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I was creating an application in Java for which I want only one instance running. For this purpose I created a file and got a lock while my application is running.

I have following code which works on Windows, but failed on Linux: once I acquire a lock without unlocking it I can get another lock on it.

import java.nio.channels.FileChannel;
import java.nio.channels.FileLock;

public class MyApp {

private static File f;
private static FileChannel channel;
private static FileLock lock;

public static void main(String[] args) {
    try {
        f = new File("RingOnRequest.lock");
        // Check if the lock exist
        if (f.exists()) {
            // if exist try to delete it
        // Try to get the lock
        channel = new RandomAccessFile(f, "rw").getChannel();
        lock = channel.tryLock();
        if(lock == null)
            // File is lock by other application
            throw new RuntimeException("Only 1 instance of MyApp can run.");
        // Add shutdown hook to release lock when application shutdown
        ShutdownHook shutdownHook = new ShutdownHook();

        //Your application tasks here..
        try {
        } catch (InterruptedException e) {

    catch(IOException e)
        throw new RuntimeException("Could not start process.", e);


public static void unlockFile() {
    // release and delete file lock
    try {
        if(lock != null) {
    } catch(IOException e) {

static class ShutdownHook extends Thread {

    public void run() {

share|improve this question
"Fails" how? What "problem"? – erickson Jun 26 '12 at 6:40
once i acquire a lock without unlocking it i can get another lock on it. – kaysush Jun 26 '12 at 6:44
That's because you're deleting the file. Don't delete the file. You can't hope to get an exclusive lock on a file when you create a new file per program instance. – EJP May 9 '14 at 10:18
up vote 1 down vote accepted

I used same sample as you and got same problem on Mac OS X. It seems that file lock does not prevent file deletion on POSIX systems . Your app wil still have some kind of handle to that file until you unlock it. So consider using lock file with PID in it's name( or inside file).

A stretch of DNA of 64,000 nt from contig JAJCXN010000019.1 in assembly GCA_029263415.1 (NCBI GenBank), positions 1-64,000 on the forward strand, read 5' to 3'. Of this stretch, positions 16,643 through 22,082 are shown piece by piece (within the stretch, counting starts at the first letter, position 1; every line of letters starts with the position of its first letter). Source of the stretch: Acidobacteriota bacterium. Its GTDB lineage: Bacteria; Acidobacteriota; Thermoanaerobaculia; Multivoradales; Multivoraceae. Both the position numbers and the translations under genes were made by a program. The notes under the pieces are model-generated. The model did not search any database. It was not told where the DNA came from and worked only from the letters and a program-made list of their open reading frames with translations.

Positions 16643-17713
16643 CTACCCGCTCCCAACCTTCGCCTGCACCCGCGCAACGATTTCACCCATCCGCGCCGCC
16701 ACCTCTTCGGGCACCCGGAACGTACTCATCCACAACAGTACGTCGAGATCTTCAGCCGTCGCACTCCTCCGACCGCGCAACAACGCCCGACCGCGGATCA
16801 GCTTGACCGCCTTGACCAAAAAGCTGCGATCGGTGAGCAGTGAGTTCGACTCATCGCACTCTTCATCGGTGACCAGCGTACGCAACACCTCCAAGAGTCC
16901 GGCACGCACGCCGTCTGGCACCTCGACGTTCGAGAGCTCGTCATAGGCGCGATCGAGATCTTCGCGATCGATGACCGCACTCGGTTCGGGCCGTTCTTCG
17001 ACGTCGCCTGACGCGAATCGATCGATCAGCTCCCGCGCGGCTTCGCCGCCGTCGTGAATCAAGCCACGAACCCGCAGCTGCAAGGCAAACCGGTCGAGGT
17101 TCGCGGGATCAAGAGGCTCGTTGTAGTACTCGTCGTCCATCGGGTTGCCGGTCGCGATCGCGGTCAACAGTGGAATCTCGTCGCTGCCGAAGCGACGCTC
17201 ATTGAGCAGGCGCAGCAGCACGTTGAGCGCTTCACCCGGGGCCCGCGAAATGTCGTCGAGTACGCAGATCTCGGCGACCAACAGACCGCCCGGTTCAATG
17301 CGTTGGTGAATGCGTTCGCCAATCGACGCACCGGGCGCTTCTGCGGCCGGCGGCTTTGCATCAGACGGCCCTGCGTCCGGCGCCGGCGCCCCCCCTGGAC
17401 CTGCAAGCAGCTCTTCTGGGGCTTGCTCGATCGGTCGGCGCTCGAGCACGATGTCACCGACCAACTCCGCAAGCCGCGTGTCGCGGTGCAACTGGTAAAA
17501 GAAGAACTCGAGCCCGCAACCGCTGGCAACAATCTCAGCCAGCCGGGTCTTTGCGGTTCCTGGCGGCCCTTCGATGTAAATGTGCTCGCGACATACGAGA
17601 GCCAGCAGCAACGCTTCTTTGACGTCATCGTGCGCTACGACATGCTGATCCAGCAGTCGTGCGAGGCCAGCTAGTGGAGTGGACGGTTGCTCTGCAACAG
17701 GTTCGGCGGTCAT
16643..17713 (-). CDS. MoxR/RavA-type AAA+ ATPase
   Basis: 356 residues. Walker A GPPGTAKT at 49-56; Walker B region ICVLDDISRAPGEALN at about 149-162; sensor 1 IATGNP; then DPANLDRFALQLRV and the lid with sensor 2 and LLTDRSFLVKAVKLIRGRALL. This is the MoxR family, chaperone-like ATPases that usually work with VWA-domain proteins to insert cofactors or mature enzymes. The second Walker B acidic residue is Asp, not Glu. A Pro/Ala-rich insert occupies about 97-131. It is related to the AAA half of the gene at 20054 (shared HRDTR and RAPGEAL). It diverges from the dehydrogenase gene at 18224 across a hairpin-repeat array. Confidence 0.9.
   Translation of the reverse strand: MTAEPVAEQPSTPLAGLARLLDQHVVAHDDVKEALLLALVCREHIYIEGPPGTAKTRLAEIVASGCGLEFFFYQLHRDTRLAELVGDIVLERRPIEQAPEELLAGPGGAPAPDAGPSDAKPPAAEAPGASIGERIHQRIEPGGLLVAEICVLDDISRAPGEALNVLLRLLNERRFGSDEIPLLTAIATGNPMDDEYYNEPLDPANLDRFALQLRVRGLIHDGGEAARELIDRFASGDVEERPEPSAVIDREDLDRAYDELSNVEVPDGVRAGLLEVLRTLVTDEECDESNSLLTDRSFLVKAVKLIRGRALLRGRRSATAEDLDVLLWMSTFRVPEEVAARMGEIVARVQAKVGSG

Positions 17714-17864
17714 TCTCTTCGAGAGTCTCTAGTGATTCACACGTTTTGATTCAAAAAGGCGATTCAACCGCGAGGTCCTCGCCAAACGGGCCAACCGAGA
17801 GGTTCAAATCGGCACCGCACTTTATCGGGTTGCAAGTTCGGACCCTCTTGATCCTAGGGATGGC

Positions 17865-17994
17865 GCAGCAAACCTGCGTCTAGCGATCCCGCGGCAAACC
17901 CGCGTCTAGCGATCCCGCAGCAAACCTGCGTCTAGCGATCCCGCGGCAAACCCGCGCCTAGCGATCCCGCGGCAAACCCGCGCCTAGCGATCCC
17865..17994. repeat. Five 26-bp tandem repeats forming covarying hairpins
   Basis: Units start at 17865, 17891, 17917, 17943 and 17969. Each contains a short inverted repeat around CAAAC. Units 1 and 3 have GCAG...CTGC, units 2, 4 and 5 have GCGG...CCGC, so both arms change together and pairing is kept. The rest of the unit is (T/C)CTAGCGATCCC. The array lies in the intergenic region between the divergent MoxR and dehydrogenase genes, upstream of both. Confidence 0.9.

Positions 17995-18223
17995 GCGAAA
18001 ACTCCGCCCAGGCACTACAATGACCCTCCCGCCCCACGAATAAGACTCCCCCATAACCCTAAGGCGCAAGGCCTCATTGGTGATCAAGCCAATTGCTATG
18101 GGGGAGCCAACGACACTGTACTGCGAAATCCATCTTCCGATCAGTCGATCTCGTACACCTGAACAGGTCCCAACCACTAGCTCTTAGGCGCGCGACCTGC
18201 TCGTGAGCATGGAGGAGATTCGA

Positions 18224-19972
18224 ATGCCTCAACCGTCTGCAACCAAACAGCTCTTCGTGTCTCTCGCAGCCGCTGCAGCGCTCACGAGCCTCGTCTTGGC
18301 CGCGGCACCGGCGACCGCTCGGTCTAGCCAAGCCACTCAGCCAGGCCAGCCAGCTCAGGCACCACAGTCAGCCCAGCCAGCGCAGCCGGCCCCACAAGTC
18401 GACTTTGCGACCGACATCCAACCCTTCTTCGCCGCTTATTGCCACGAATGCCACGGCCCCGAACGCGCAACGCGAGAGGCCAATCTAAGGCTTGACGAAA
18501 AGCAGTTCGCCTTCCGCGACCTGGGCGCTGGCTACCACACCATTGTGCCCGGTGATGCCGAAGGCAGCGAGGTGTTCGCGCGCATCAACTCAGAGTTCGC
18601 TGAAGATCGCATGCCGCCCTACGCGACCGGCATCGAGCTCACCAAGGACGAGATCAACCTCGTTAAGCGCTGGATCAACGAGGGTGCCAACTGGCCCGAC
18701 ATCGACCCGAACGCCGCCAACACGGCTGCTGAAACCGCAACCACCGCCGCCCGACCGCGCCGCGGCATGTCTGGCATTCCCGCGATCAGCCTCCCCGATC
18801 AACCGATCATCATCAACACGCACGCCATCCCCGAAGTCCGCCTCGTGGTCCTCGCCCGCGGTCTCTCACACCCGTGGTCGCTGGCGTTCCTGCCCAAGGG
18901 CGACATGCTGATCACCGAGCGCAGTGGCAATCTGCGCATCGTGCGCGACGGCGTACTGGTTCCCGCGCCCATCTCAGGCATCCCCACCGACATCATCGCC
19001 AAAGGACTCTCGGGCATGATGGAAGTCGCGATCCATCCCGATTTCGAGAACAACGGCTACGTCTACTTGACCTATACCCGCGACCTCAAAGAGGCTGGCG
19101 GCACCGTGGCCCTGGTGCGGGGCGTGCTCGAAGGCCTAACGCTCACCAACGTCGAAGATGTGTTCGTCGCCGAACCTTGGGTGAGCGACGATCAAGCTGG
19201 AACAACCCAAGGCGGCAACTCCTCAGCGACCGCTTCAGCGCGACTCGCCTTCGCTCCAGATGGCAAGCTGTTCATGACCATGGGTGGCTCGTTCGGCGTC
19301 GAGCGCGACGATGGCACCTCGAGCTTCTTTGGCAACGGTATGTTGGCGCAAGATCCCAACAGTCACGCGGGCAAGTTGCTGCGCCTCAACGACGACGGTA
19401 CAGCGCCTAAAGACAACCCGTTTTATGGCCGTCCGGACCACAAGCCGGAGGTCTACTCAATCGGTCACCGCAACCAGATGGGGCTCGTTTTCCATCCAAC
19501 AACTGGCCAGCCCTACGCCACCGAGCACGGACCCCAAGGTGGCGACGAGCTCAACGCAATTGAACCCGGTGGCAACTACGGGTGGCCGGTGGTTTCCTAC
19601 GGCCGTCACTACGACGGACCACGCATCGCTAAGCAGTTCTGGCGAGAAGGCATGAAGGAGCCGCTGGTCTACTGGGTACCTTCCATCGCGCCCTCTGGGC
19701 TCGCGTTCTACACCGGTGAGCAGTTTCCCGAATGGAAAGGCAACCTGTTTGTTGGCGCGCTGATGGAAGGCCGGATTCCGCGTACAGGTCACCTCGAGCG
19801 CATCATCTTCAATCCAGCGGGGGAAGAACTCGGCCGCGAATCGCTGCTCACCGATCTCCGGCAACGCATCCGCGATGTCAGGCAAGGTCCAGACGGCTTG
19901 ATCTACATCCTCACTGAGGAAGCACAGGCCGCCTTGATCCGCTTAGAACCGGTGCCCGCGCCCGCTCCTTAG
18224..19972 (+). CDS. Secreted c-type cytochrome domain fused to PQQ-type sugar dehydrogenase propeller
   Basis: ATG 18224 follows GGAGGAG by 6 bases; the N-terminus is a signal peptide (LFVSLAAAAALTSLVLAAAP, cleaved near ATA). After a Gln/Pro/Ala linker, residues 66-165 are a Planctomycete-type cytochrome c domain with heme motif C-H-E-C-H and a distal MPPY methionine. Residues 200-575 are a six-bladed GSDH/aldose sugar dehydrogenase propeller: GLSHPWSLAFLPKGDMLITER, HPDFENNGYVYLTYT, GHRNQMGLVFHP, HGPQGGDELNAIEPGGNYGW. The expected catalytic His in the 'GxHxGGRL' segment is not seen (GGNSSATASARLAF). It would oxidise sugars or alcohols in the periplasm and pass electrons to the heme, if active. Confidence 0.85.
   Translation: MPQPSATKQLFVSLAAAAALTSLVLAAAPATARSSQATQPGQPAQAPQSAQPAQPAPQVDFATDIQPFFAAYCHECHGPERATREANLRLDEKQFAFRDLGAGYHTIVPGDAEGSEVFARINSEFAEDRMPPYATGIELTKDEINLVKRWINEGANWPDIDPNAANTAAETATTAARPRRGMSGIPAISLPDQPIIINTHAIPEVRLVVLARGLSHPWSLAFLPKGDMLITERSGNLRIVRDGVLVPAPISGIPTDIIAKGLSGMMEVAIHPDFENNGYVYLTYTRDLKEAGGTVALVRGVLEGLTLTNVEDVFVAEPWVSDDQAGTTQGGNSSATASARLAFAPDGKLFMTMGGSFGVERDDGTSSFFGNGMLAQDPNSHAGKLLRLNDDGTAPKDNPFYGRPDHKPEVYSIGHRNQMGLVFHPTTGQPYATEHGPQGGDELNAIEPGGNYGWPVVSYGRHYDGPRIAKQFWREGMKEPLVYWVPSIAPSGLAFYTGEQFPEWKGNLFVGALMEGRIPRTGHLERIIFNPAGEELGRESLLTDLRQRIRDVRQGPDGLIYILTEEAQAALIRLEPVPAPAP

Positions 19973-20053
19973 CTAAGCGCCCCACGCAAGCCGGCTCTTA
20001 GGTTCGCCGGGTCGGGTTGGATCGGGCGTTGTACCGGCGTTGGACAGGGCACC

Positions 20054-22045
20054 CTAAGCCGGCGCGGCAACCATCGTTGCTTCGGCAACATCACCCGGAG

share|improve this answer
How will adding "PID" to the file name make a difference? – aggregate1166877 Oct 2 '12 at 10:52
It is another way of implementing lock files. Your program creates a file with PID in it's name(myprogram.PID) or inside of it. Next launched instance will check for files matching used pattern, extract PID and check is there a process with that PID. If process exists - current instance is second and has to shut down, otherwise - it's only instance, it creates a new PID file and continues running. – Aleksandr Kravets Oct 2 '12 at 11:49
Makes sense. +1 upvote – aggregate1166877 Oct 2 '12 at 12:14
-1: pidfiles don't provide real locking, inasmuch as their creation, modification, reading, &c. isn't atomic, and is thus prone to race conditions. Thus, they need to be used in combination with another locking mechanism to make them safe. – Charles Duffy Dec 17 '13 at 23:33

Why don't you save the PID into a file, and instead of locking the file, verify if there's a process with that ID. If there is, and it's an instance of your application, you know it's already running.

A socket might be a good idea as well, since you can use it to communicate to the running instance something.


Also, from FileLock's javadoc:

Whether or not a lock actually prevents another program from accessing the content of the locked region is system-dependent and therefore unspecified.

share|improve this answer
How can i programmatically do it? – kaysush Jun 26 '12 at 6:55
I got the solution here… – kaysush Jun 26 '12 at 7:02
This is actually true if you run that "advanceinstaller", not actually in any normal java application. - there's no other reference to that secondaryMain on the internet, and I tested it and main() gets called every time. – Hugo Jun 26 '12 at 7:07
Got the lock working by creating that file in directory. – kaysush Jun 26 '12 at 7:10
-1: pidfiles' creation and modification isn't atomic, and neither is the process of validating what they point to (necessarily done asynchronously after the read). This makes them unsafe for actual locking. – Charles Duffy Dec 17 '13 at 23:36

You are deleting the lock file every time you run, so only one process can have a lock on it.

When you use FileLock, it is purely advisory—acquiring a lock on a file may not stop you from doing anything…reading, writing, and deleting a file may all be possible even when another process has acquired a lock. Sometimes, a lock might do more than this on a particular platform, but this behavior is unspecified, and relying on more than is guaranteed in the class documentation is a recipe for failure.

An "advisory lock" is only a signal that is visible to other processes that bother to look for it. If you depend on it for more than that, your program will break when run on some other platform.

Why would you delete the lock file anyway? The lock file is just like a boolean flag that is visible to every process on the system. Design your protocol to use it that way, and you'll have a reliable, cross platform locking mechanism.

share|improve this answer

Use mkdir. On unix systems this is an atomic operation – it will succeed if a new directory is successfully created, otherwise it will fail.


File lockFile = new File("/path/to/lockdir");
boolean hasLock = lockFile.mkdir();
if (!hasLock) {
  throw new IOException("could not get lock");
// do stuff
share|improve this answer

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